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Quote:
Originally Posted by oldmanshirt View Post
Oh man, I opened this thread thinking it was the Koontz-McCombs highrise "Broadway" project, and thinking "what the heck??"

Glad to hear they have some idea when things are gonna get started, it'll be nice to see this thing finally get finished.
That's what I thought too. That thing has looked the same since I lived in SA about five years ago, so it will be nice to see it finished.
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Old Posted Jun 17, 2009, 4:06 AM
adtobias adtobias is offline
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to bad its not a high rise. to all more people to enjoy the new river front
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  #5  
Old Posted Jun 17, 2009, 4:53 AM
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Two images of 1221 Broadway are from the perspective of the River Walk extension.
(Current photo by Creighton Welch/E-N. Rendering courtesy Ed Cross.)
Quote:
Those enormous shells of buildings at 1221 Broadway could actually start to become something in October via developer Ed Cross, through his Colina del Rio LP partnership.

For years, Cross has been in litigation with the project's former developer George Geis. You can find the details of the legal wrangling in today's Express-News article written by Sir Creighton Welch.

Cross now has the property. He just needs the money to turn those buildings into residential and retail space. He's turned to the U.S. Housing and Urban Development Department for financing, and that process has been under way.

The property rests right on the River Walk expansion and is within the boundaries of River North, the area targeted for revitalization.

According to today's article, the project has "sat virtually untouched since October 2004."

While the architecture of Cross' recently-completed Vistana, the 14-story apartment building on West Houston St. and North Santa Rosa Ave., is art deco-inspired, he's aiming for an "all new skin. . . industrial, urban loft-type buildings," he said.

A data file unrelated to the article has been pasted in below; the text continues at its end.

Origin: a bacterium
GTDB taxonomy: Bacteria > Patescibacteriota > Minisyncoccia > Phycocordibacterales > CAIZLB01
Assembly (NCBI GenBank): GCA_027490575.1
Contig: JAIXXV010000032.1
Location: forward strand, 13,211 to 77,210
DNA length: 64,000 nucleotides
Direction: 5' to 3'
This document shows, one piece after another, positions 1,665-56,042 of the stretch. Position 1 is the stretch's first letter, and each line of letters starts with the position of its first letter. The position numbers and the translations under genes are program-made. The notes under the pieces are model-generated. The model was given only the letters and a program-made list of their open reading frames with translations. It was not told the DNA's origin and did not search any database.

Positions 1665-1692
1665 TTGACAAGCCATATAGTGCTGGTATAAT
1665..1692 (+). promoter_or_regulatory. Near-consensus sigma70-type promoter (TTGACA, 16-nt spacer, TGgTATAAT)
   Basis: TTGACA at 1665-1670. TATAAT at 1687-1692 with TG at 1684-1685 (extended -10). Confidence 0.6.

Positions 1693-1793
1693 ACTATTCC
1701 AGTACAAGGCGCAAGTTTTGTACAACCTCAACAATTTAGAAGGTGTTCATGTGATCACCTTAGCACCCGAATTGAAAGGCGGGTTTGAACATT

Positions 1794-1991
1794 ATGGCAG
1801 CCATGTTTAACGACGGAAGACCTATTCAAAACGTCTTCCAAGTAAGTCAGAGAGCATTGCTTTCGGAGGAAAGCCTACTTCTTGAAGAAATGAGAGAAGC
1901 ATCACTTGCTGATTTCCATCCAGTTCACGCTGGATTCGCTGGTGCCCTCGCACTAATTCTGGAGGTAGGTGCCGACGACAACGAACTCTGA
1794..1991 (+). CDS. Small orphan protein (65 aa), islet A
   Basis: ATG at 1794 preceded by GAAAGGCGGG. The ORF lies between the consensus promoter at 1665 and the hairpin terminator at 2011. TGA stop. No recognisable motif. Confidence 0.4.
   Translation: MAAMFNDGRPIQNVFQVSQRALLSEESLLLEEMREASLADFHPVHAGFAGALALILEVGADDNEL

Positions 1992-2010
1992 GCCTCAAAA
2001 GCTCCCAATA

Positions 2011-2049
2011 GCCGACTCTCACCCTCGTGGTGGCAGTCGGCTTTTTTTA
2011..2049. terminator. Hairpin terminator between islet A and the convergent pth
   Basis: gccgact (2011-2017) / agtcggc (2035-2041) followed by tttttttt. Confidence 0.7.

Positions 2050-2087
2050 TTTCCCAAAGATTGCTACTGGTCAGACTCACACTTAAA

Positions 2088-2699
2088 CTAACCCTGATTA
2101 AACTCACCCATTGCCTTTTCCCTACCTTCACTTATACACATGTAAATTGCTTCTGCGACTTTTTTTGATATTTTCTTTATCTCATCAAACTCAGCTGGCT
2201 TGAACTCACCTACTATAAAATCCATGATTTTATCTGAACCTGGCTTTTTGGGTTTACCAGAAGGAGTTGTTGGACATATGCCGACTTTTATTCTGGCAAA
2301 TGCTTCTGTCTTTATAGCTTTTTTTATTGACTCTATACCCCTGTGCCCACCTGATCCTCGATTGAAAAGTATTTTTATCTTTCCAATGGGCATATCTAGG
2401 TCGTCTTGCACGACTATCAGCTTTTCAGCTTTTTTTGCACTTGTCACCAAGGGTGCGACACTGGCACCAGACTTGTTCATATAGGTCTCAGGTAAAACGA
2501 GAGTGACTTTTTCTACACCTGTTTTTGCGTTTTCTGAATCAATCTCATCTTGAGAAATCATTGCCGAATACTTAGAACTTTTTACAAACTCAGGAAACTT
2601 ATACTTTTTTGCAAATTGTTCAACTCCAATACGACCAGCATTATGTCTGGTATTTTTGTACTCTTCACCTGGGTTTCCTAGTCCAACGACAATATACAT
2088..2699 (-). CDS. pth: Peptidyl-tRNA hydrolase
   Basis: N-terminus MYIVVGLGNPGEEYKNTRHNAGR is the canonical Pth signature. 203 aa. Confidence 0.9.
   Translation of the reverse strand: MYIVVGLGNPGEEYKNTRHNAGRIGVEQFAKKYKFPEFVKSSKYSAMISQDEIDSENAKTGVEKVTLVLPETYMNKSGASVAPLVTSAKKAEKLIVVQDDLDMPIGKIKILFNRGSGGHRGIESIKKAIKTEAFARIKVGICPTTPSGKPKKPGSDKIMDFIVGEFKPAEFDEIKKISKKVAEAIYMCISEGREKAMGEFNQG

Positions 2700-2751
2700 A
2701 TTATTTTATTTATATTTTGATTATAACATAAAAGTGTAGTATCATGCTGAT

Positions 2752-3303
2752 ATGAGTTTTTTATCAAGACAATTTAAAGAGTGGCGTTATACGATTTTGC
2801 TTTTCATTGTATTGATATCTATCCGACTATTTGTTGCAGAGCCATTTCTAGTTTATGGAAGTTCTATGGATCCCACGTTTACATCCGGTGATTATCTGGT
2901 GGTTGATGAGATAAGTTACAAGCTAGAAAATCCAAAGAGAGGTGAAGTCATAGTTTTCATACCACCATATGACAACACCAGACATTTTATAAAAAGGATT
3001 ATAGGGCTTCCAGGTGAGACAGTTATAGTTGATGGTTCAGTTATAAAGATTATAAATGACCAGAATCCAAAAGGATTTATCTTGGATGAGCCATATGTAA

Two weeks ago, Cross took Mr. Welch and I on a tour of 1221 and Colina del Rio's other properties in the same area. It seems like most of the properties in River North are either owned by Cross and Geis. Cross said he's done acquiring property. It's time to concentrate on making River North happen.

"We've really bought all the land we're going to buy," Cross said. "My goal has been to start on a project every year."


— Benjamin Olivo
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  #6  
Old Posted Jun 17, 2009, 5:44 AM
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I'm excited about the new, industrial urban style that he wants to build. No more brown! Although its too soon to say that, lol
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  #7  
Old Posted Jun 17, 2009, 2:15 PM
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Thank God for Ed Cross. He owns this and another property that fronts the River and 9th. He also owns a couple of properties on Broadway and a couple more on Alamo.
If he wants one per year, we could see (assuming they would all be residential) up to 1200-1500 new residential units in the area if his projects all end up being residential of at least 4-5 floors apiece.
These projects plus the Pearl and 1800 could add up to 3000+ residents in on the River North/Lower Broadway corridor in the next 5 years. Ed Cross wants to be the pioneer that took a chance on downtown and it will pay off for him. Emotion is what causes some people to go to great lengths to see revitalization happen, and by listening and reading about Ed Cross, you can truly see that he loves SA and that he loves Downtown.
Just another part of the greater picture, ready to catch speed in that upward spiral.
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Old Posted Jun 17, 2009, 2:40 PM
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^^ Agree with miaht82 as usual...

I think I am ready to accept that the River North boom will happen as soon as 2 or 3 of these type projects come on-line. The true greatness of the neighborhood will not be in the developments that line the river (although they will get the glamour), but in the ancillary developments that occur once the river frontage has been consumed.

The neighborhood will be a true destination neighborhood (and a true success) when it can be said that living 2 and 3 blocks from the river is both desirable and possible. With this development finally looking poised to get cracking, I can honestly say that I can see the potential taking shape here...
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Old Posted Jun 17, 2009, 3:57 PM
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Pearl District, version 2.0!